Then he took a call from Judge Joseph Gassen, who was retiring as a bankruptcy judge and suggested that Cristol put in for the job. The Eleventh Circuit appointed him, and he began there in 1985.

“I love the job. It’s such a worthwhile thing to do,” Cristol said.

Miami is one of the busiest bankruptcy courts in the country and has become a magnet for Ponzi scheme cases, he said.

Cristol said that big cases have been particularly challenging and rewarding.

“I’ve had three billion-dollar cases, and all of them fascinating,” he said.

Avid Aviator

Cristol flies whenever he can. Over the years, he has piloted a number of different aircraft, including a Soviet-era MiG and the Goodyear Blimp.

As a bankruptcy judge, Cristol once presided over the Chapter 11 case of the company that purchased the PanAm name. Years after the case closed, he was advised by the company that emerged from that bankruptcy that it had named a Boeing 727-200 the “Clipper A. Jay Cristol,” and allowed him to fly it.

In another aviation case, Cristol presided over Amerijet International’s Chapter 11 proceedings. When the company came into court, he saw that it had a fleet of 10 aircraft, but five were grounded after Amerijet lost a contract with FedEx, he said.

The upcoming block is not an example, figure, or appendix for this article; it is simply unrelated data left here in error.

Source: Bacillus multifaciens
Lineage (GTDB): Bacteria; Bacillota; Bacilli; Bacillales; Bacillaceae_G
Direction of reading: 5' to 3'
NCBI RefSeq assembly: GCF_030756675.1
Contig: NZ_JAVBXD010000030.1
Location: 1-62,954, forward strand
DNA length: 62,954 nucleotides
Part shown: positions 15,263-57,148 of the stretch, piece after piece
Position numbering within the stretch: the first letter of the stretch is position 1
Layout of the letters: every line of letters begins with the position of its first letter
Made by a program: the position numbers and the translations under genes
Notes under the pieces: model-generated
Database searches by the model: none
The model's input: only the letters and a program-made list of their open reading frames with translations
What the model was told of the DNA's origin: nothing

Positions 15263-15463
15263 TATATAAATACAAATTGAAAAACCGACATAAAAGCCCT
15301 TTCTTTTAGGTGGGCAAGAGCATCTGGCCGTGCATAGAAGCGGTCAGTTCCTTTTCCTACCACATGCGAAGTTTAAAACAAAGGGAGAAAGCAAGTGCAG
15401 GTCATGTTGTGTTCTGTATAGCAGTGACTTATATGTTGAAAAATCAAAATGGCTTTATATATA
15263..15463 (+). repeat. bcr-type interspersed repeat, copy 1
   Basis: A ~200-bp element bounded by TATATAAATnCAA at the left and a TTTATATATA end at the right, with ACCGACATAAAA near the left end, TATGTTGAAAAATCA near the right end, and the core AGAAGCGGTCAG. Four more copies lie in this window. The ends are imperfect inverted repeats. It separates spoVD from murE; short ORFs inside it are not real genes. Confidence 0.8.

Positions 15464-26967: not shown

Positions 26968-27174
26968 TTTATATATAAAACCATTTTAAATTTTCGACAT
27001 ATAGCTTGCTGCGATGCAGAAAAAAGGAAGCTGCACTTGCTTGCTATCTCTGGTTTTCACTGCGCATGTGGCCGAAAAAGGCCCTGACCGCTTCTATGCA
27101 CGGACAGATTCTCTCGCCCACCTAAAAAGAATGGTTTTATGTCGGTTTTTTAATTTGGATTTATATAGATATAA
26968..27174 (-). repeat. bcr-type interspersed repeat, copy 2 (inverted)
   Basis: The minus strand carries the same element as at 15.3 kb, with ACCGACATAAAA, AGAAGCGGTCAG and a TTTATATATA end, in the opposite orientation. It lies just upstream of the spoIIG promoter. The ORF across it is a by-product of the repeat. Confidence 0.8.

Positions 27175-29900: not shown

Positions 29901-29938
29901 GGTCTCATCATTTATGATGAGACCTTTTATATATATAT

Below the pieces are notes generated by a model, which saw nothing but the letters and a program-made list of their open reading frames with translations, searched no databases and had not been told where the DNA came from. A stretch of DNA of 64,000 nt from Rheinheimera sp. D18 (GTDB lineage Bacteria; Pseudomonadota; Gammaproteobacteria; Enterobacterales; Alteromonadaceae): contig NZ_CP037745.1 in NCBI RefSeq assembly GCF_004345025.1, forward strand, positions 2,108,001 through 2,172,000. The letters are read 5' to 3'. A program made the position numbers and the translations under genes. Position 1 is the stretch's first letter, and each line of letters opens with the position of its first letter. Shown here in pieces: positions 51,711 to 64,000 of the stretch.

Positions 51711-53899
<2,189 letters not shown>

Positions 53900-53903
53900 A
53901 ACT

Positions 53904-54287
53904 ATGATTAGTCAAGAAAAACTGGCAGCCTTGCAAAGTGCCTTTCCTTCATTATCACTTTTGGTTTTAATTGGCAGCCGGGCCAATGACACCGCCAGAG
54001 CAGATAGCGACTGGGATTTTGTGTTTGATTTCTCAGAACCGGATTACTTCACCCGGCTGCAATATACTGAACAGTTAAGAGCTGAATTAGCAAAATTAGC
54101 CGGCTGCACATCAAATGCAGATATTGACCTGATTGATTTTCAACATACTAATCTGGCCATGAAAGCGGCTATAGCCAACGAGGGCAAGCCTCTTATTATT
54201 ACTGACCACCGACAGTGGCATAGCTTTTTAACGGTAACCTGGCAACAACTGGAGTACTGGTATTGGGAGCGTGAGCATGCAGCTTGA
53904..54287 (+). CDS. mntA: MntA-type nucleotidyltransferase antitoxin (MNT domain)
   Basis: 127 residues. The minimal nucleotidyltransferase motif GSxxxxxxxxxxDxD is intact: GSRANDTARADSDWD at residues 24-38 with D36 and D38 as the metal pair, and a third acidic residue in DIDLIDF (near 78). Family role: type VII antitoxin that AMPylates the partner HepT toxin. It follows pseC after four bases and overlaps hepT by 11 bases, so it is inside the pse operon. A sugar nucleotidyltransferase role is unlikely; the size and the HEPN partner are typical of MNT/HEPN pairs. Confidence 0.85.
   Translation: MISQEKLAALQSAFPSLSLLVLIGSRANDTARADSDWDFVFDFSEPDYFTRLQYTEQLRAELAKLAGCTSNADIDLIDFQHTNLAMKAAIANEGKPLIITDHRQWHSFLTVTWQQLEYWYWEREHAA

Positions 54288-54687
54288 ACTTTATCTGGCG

“I told them, ‘I’ll give you two weeks to sell five airplanes or you’ll end up in a liquidation,’” Cristol told Bloomberg BNA. The company sold the aircraft and ultimately emerged from Chapter 11 as a viable company.

Cristol is a huge proponent of Chapter 11, which protects companies (or individuals) from creditors while they seek to reorganize their debt or liquidate pursuant to a plan which must be approved by the bankruptcy court. When compared to the return they might get in a Chapter 7 liquidation, creditors can stand to do much better through a reorganization plan, Cristol said.

International Emissary

Cristol has frequently gone abroad to lend his expertise to foreign nations. For example, he spent significant time working with experts in Thailand, whose insolvency laws were previously created under the British model, with a “debtor-be-damned mentality,” he told Bloomberg BNA.

That country had little idea what to do with reorganizing insolvent companies, and Cristol helped educate Thai legislators on the U.S. Chapter 11 concept. Within a couple years, Thailand had created a bankruptcy court of its own, with laws and a specialized court “similar to ours,” he said.

Besides lending his expertise to foreign nations, Cristol also hosts visiting judges and legislators to help give them a taste of the American bankruptcy system. For example, Cristol has entertained visitors from Russia, the Ukraine, Thailand, Armenia, Tanzania and Malawi.

Philanthropist

Among Cristol’s many charitable contributions, he founded a bankruptcy clinic with law students helping low income debtors. He has supported the University of Miami and is “a huge supporter of the American Red Cross,” his clerk, Kaplan, said.

“I’ve been very, very fortunate,” Cristol told Bloomberg BNA. “My Navy career was wonderful, and I’ve enjoyed my legal career.”

To contact the reporter on this story: Daniel Gill in Washington at dgill@bna.com

To contact the editor responsible for this story: Jay Horowitz at JHorowitz@bna.com